Cochlear implants for hearing loss: Myths vs. reality
October 25, 2019
Hearing loss is among the most common health-related obstacles in the U.S., affecting approximately 18% of adults, with nearly two men affected for every woman. One in eight people in the U.S. age 12 and older have double-sided hearing loss (in both ears).
Among these patients, nearly 1 million could benefit from cochlear implants – a surgically implanted device that can restore up to 80% word recognition and substantial hearing sensation in patients with severe to profound hearing loss. The U.S. Food and Drug Administration has approved cochlear implants for a wide range of patients, including those with:
- Double-sided hearing loss, since the mid-1980s
- Single-sided hearing loss, as of July 2019
- Poor speech comprehension scores while using properly fit hearing aids
Unfortunately, myths about the cochlear implant abound. Many patients don't know the device is an option for them, or they might be nervous to have surgery or transition from hearing aids (even if their hearing aids have become insufficient).
The result? Too many people with hearing loss are missing out on opportunities to communicate better with loved ones and colleagues.
It's time to set the record straight – let's debunk the top five myths about cochlear implants, derived from the many questions our team receives from patients.
But first, a quick explanation of how cochlear implants work and what to expect from the procedure.
How do cochlear implants work?
Cochlear implants bypass the damaged parts of the ear to directly stimulate the auditory nerve, which connects to the area of the brain responsible for processing sound. Because of this, patients cannot go back to hearing aids after the surgery.
What to expect from surgery
The device is surgically implanted in the ear and activated by an attached component that sits behind the ear. Implantation is typically an outpatient procedure, and patients are placed under general anesthesia.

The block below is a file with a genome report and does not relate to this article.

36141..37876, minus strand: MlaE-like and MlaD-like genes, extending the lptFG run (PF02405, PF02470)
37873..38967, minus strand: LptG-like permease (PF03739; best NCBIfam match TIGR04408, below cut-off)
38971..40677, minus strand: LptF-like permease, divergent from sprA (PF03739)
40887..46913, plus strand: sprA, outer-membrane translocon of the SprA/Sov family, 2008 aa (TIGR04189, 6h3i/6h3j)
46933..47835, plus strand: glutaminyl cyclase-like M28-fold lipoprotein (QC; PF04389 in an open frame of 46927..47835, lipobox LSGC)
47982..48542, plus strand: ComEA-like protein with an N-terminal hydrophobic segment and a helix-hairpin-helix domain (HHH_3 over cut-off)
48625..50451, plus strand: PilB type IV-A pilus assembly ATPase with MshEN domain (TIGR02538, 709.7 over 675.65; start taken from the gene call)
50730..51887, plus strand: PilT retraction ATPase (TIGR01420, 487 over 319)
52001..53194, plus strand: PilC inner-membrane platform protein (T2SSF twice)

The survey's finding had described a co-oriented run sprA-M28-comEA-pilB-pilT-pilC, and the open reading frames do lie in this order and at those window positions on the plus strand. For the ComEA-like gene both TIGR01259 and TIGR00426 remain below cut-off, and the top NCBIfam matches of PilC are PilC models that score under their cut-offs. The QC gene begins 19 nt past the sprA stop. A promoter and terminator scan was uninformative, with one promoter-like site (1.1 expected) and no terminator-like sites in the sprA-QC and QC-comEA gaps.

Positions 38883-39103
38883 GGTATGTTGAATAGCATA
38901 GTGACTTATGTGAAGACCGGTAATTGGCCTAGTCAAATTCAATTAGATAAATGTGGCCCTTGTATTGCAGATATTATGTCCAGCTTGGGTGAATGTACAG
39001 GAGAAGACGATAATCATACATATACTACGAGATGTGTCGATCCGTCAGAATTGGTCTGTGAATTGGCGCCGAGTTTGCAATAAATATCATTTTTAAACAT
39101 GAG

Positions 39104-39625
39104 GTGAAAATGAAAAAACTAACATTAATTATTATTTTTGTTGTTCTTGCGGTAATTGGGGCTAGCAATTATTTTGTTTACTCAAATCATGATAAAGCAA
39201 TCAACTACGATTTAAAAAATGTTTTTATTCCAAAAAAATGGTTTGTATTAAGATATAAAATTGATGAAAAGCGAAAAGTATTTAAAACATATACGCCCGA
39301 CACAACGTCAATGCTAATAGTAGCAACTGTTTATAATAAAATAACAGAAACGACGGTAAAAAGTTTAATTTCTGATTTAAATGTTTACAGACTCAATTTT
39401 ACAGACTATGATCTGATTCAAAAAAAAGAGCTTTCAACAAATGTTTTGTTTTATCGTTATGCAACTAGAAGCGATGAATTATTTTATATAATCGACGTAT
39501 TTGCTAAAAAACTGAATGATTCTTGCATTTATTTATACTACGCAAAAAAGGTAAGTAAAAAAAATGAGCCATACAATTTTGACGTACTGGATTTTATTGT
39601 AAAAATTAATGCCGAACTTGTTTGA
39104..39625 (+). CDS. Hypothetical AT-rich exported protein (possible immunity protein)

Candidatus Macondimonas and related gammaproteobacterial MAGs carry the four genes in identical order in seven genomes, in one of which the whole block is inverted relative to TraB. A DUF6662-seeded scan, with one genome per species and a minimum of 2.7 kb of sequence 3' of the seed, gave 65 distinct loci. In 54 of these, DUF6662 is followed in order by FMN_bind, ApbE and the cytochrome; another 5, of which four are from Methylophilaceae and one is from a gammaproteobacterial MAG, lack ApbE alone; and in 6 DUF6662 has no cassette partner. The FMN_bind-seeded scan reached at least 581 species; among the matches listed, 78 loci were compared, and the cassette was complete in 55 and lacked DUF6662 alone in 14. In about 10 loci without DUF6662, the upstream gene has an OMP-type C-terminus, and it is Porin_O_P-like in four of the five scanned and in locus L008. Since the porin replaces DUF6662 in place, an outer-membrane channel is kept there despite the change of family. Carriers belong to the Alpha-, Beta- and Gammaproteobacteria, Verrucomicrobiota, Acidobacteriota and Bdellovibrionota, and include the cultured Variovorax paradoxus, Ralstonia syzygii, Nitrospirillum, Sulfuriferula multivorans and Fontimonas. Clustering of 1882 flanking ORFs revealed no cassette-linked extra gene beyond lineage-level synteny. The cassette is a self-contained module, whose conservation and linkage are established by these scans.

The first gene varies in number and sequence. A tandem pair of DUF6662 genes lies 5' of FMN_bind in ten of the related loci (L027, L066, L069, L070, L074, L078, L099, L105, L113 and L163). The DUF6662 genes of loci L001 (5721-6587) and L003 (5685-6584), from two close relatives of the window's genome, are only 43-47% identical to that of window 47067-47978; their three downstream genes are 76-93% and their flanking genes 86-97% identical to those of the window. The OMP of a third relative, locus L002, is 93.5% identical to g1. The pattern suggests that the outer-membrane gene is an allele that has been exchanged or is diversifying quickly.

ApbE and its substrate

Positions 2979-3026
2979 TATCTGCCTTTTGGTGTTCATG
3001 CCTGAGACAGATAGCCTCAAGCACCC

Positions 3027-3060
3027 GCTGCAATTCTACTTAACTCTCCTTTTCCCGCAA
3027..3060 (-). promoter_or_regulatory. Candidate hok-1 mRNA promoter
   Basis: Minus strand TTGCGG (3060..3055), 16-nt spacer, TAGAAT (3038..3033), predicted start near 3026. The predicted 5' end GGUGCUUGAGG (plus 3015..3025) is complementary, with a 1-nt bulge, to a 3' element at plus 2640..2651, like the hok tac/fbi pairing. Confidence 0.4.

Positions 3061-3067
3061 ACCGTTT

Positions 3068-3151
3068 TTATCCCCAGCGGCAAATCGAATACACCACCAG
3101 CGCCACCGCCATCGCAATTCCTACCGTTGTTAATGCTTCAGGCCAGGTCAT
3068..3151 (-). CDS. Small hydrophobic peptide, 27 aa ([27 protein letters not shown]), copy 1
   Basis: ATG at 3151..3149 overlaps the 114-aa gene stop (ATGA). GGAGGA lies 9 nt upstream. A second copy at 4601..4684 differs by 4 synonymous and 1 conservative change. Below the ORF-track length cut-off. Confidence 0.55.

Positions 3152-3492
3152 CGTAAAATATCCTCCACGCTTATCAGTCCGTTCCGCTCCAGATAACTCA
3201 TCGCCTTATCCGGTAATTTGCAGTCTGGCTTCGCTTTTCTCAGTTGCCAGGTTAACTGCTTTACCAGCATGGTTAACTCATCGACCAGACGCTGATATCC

The surgeon will make an incision behind the ear on the mastoid bone, which leads to the middle ear. Then the surgeon will create an opening in the cochlea, the “hearing” part of the ear, to insert the implant electrodes that will stimulate the auditory nerve. After testing to ensure the device is aligned and functioning properly, the surgeon will close the incision.
It's important to note that the device will not be turned on until after the incision is healed – approximately two to three weeks after surgery. During this time, the doctor will check in regularly with the patient to ensure they are recovering as expected.
Most patients can return to work within two weeks if their job does not require hearing in the affected ear. After the device is turn on, the audiologist will program the cochlear implant according to what the patient is hearing and will teach the patient how to use the external component.
5 cochlear implant myths busted
1. Cochlear implants only amplify sound.
Cochlear implants actually are designed to improve speech comprehension when hearing aids are no longer providing speech comprehension. During a preliminary exam, an audiologist doctor will test the patient’s hearing and speech comprehension in their best aided condition – this means with their hearing aids on. If the patient has poor speech comprehension even while wearing hearing aids, cochlear implants might be an option.
2. The implants will restore your hearing back to normal.
Although the implants can improve your quality of life through better speech comprehension and recognition of environmental sounds, the devices cannot fully restore hearing. Today, there is no way to return the cochlea to normal.